Hello, Destructoid! My name’s Zach Bennett and I’m one of Dtoid’s newer additions to the family. I figured a little introduction is in order before some random, unknown face starts popping up around every corner.
This is the face you’re going to have to deal with for awhile:
As of six days ago, I have successfully existed for over 28 years; it’s a long-ass time when you stop to think about it. Who even stops to do that anymore? Kids these days. But this kind of self-reflection really narrows it down to the important bits, and the past two and a half years have contained some of the most monumental events in my lifetime.
Two years ago, I broke my face by tripping on my shoelaces. Two titanium plates and one wired-shut jaw later, I’m good as new! Well, that’s a lie. But it’s an optimistic lie that altered my outlook on life. Plus, now I’m just that much closer to being a cyborg. Bring it, life. Whatchu got?
In retrospect, that’s a dangerous question I probably shouldn’t have mentally shouted to the heavens ad infinitum.
A couple months ago, I was diagnosed with Crohn’s Disease. 2017, for me, has been entirely shrouded by tests, appointments, and varying medications preceding an upcoming surgery at the end of November, but one constant has kept me sane through it all: videogames.
I started writing about videogames for Entertainment Buddha right after E3 2015, three months before that whole facial reconstruction thing. My first article was about The Protomen touring the east coast; needless to say, this was a hobbyist’s venture at the start. But collaborating with such a hardworking group of writers at EB lead me down an unexpected rabbit hole of self-improvement. Because of EB, I went to my first E3 in 2016. I attended a preview event for Halo Wars 2 in New York. And, now, I’m introducing myself as a proud member of the Destructoid fam. In these moments alone, I have learned more about myself than I could have fathomed. “Inspirational” doesn’t quite cut it: I would not be here if it weren’t for EB. Shit, I wouldn’t be who I am today.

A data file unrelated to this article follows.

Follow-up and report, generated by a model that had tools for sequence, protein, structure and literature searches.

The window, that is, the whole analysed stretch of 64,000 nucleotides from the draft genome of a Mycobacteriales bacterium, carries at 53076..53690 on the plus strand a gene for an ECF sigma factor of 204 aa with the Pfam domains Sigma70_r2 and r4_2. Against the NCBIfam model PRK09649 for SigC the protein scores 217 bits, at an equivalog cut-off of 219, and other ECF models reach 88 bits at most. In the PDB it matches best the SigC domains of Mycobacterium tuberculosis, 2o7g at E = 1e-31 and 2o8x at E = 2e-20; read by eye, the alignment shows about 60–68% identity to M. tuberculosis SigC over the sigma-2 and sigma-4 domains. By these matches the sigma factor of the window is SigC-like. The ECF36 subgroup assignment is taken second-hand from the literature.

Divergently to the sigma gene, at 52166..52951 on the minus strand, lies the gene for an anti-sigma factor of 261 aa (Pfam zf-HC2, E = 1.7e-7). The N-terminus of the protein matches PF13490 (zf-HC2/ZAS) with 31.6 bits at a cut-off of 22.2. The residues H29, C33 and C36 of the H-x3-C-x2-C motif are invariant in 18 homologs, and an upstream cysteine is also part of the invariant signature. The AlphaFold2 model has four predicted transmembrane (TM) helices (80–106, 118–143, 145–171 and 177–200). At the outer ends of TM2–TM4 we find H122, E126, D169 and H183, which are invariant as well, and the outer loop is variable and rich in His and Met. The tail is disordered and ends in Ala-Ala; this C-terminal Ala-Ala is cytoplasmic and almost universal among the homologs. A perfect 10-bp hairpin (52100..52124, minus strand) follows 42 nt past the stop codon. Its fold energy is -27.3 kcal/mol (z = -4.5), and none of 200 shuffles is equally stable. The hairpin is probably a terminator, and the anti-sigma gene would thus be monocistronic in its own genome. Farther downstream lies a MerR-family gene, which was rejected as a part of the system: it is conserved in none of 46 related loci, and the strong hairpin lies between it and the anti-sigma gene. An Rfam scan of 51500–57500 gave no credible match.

I’m not here to talk about me. I’m here to talk about us and the common denominator between: videogames. I’ll do my best to communicate how a game has affected me, and I hope you do the same. However, in the interest of not being identified by life’s dickish tendencies, I put together a list of twenty randomized aspects of myself for whoever wants a glimpse into who I am. It’s kind of like a pre-meditated AMA, but they’re all answers to questions no one but me asked.
This is a lot, so skim through it at your pleasure. At the very least, something in this list is sure to give you something to pick on me about when we meet. I’ll be looking forward to it:
N*Sync's smashing No String Attached album was my first compact disc. Now I listen to Tom Waits. I go through phases -- currently hiphop (I recommend Breadcrumbs by Deca, linked below) -- but I'm perfectly fine and mellow listening to Billie Holliday on any given day. Put a horn section in a song and I will get aroused without hesitation.
My PSN icon is a pinecone. I don’t know why. Well, I didn’t until I googled “history of pinecones” and dove soul-first into an existential rabbit hole. I don’t necessarily “believe” a lot of what I read; I just enjoy unpacking the idea. But I still don’t know why I liked pinecones in the first place, so the matrix is pulling some kind of shit, I guess.
I’m in the top #100 players of Amplitude according to their leaderboards. The original PS2 version came out during the adolescent throws of a lifelong Blink 182 phase in 2003 and seeing “The Rock Show” showcased in rhythm game blew my thirteen-year-old mind. This was around the same time as my DDR days. I wasn’t the best, but I could play through Max 300 on Heavy and get a C. Mom was proud, at least.
And I will imagine fighting anyone who says otherwise.
Comedy Bang Bang’s podcast highlights some of my favorite slices of humor, but I am spellbound by Welcome to Night Vale and associated casts. I enjoy bewilderment in general.
But I disagree with eighty percent of what she suggests. I gravitate more towards the work of Gibran and Kierkegaard, with mix of Native American ideologies thrown in to hold it all together. My PSN is Existential_Ism. Solipsism excites me. Zoroastrianism sounds really good. I dunno, I like to explore.
It portrayed an augmented allegory of “real life” as a child; it seemed so believable at the time. The Sorcerer’s Stone was the first book I ever read for fun. Growing up with the series has permanently intertwined Harry Potter into some of the most memorable moments of my life. I honestly can’t even begin to excavate this obsession right here, but it will surely trickle into my work over time. You have been warned.
Obscenely large, meowing, vocal cats are the best, but I cannot stand the intensity of an energetic dog’s love. Their whole approach is too forward; their barks, too shrill. If it’s a calm, chill dog, I will genuinely enjoy its company. Otherwise, I’m out. Sorry, dog persons. I get the whole unconditional love thing, but I’d rather earn that love, you know? Then again, I grew up with around fifteen feral cats living outside of our house 24/7, so I may or may not have integrated myself into their culture as a child.